• License*: All Rights Reserved - photo in flikr foto flickr
    *The photographs are copyrighted by their respective owners.
Forster's Tern (Sterna forsteri)
Forster's Tern (Sterna forsteri)
  • Author: Brian Carruthers-Dublin-Eire Follow on flickr foto flickr
  • Date of photography: 2017-08-01 12:25:44
  • Geographical coordinates of the taken: 54°0'29"N - 6°20'56"W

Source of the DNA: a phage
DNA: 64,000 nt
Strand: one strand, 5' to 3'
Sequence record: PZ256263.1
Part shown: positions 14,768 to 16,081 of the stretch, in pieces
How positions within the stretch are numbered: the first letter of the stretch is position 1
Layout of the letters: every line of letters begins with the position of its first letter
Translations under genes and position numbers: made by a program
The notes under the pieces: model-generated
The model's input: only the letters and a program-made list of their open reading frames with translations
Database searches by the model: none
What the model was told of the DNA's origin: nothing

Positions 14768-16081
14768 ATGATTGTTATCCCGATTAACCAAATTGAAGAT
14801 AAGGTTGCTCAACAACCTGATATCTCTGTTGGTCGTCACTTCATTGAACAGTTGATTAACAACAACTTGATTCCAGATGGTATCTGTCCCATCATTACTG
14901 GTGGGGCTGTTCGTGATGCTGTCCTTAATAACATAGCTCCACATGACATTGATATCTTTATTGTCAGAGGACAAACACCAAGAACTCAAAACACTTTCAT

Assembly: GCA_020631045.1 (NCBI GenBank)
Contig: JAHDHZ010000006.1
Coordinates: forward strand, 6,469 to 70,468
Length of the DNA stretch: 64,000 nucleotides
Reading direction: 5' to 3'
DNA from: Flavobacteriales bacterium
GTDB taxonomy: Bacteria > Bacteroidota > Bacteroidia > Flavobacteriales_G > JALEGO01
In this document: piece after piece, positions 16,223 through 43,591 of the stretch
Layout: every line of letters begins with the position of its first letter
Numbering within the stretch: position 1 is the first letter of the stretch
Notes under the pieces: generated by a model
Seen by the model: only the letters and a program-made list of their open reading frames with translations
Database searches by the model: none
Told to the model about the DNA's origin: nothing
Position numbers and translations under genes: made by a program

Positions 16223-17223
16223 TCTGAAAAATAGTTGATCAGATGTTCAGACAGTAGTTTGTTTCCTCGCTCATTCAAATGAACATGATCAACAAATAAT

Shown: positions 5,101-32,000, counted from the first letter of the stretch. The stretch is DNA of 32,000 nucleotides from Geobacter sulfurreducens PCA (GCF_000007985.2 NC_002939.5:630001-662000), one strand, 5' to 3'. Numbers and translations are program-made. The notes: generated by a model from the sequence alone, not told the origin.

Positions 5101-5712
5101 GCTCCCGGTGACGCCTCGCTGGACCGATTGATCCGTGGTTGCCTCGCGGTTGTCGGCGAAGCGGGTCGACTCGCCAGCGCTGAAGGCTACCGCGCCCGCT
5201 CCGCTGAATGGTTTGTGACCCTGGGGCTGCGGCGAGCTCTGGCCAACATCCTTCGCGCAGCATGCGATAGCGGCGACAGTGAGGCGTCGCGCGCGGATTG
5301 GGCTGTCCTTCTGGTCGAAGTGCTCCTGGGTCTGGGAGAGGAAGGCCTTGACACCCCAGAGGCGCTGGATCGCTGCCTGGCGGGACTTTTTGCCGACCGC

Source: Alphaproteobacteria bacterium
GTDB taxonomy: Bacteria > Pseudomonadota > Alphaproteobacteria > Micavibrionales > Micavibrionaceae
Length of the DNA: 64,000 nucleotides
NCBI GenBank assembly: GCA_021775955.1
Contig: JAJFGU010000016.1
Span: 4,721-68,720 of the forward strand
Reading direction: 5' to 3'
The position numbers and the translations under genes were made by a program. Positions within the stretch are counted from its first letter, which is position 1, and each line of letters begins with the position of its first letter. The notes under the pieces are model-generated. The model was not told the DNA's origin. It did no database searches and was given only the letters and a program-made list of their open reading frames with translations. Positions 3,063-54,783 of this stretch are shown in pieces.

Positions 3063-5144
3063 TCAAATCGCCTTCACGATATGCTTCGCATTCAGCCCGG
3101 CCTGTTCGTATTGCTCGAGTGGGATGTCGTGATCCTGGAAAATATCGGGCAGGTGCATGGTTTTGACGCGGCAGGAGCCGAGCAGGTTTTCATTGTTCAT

• 01-08-2017 [order] Charadriiformes | [family] Sternidae | [latin] Sterna forsteri | [UK] Forsters Tern | [FR] Sterne de Forster | [DE] Forsterseeschwalbe | [ES] Charrán de Forster | [IT] Sterna di Forster | [NL] Forster-stern Measurements spanwidth min.: 64 cm spanwidth max.: 70 cm size min.: 33 cm size max.: 36 cm Breeding incubation min.: 22 days incubation max.: 24 days fledging min.: 38 days fledging max.: 41 days broods 1 eggs min.: 3 eggs max.: 5 Physical characteristics The Forster's Tern is a medium-sized, primarily white tern with a black cap and dark eyes. The back and wings are a pale silvery-gray, contrasting with the white of the neck and belly. The primaries and the deeply forked tail on the breeding adult bird are also a pale gray, with the primaries appearing as white as they become worn. During the breeding season, the large bill is orange and tipped in black, and the legs are bright orange or orange-red. In non-breeding plumage the bill is black and the legs are a duller red-brown. During non-breeding season, the primaries are dark silvery-gray and the crown is white with an evident large black patch encompassing and extending behind the eye. The bird is approximately 33 cm in length with a 79 cm wingspan. White wings and underparts give the Forster's Tern a lighter and brighter overall appearance than the Common Tern. The Forster's is also distinguishable from the Common Tern by its longer and stouter bill, longer tail, and more orange, rather than red, colored bill Habitat Large marshes with extensive reed beds or muskrat houses that provide nesting structures are the preferred breeding habitat for the Forester's Tern. It is also occasionally found along marshy borders of lakes and reservoirs. The species generally nests colonially, with as many as five nests recorded on one muskrat house. Preferred nesting locations include both nesting and foraging sites within close proximity.Nesting sites are mostly on permanent bodies of water, or on temporarily flooded site Other details This species is rare but annual in western Europe, and has wintered in Ireland and Great Britain on a number of occasions. No European tern winters so far north.Destruction of wetlands has led to declines in some areas. Recreational boating on nesting lakes, which can flood nests, may also have a negative impact on populations of Forster's Terns Feeding These terns feed on insects (e.g., dragonflies, caddisflies) which are caught in the air or snatched off the surface of the water (e.g., dead beetles) while the tern is in flight. The Forster's Tern also dives into water for fishes, mainly submerging the bill and a portion of the head, though sometimes the entire body is submerged below the surface of the water Conservation This species has a large range, with an estimated global Extent of Occurrence of 1,700,000 km². It has a large global population estimated to be 120,000 individuals (Wetlands International 2002). Global population trends have not been quantified, but the species is not believed to approach the thresholds for the population decline criterion of the IUCN Red List (i.e. declining more than 30% in ten years or three generations). For these reasons, the species is evaluated as Least Concern. [conservation status from birdlife.org] Breeding Often nesting atop muskrat houses or on gravel islands, Forster's Terns form loose colonies ranging in size from less than 500 to up to several thousand and sometimes associate with Yellow-headed Blackbird colonies. When Forster's Terns and Black Terns nest in the same marsh, the Forster's Terns choose higher and drier ground for their nests. Both sexes help build the nest, a platform of reeds and grasses, with a hollowed-out center lined with finer materials and shells. This tern produces eggs from late May to mid-June. Both sexes incubate the clutch of usually 3 to 4 eggs for about 23 to 24 days. The eggs are subelliptical to oval, smooth, non-glossy and very pale, tinted olive or cream, spotted or speckled in brown, blackish-brown, or gray and average 32 x 23 mm. The semi-precocial young are tended by both adults until capable of flight, fledge at 3 to 4 weeks, and remain with the parents well into the fall. The Forster's Tern often renests if the first nest is lost; this often occurs at coastal nesting sites as a result of tidal flooding. Migration Migratory in north, but no more than dispersive in southern breeding area (Gulf of Mexico). 2 discrete breeding populations: (1) inland in prairies of Canada and USA, migrating extensively overland, mainly towards Pacific and Gulf of Mexico; (2) along east and south USA seaboard (Maryland to Texas), with migratory elements following coasts. Combined winter range: central California to Guatemala, Virginia to Florida and thence west through Gulf of Mexico to eastern Mexico.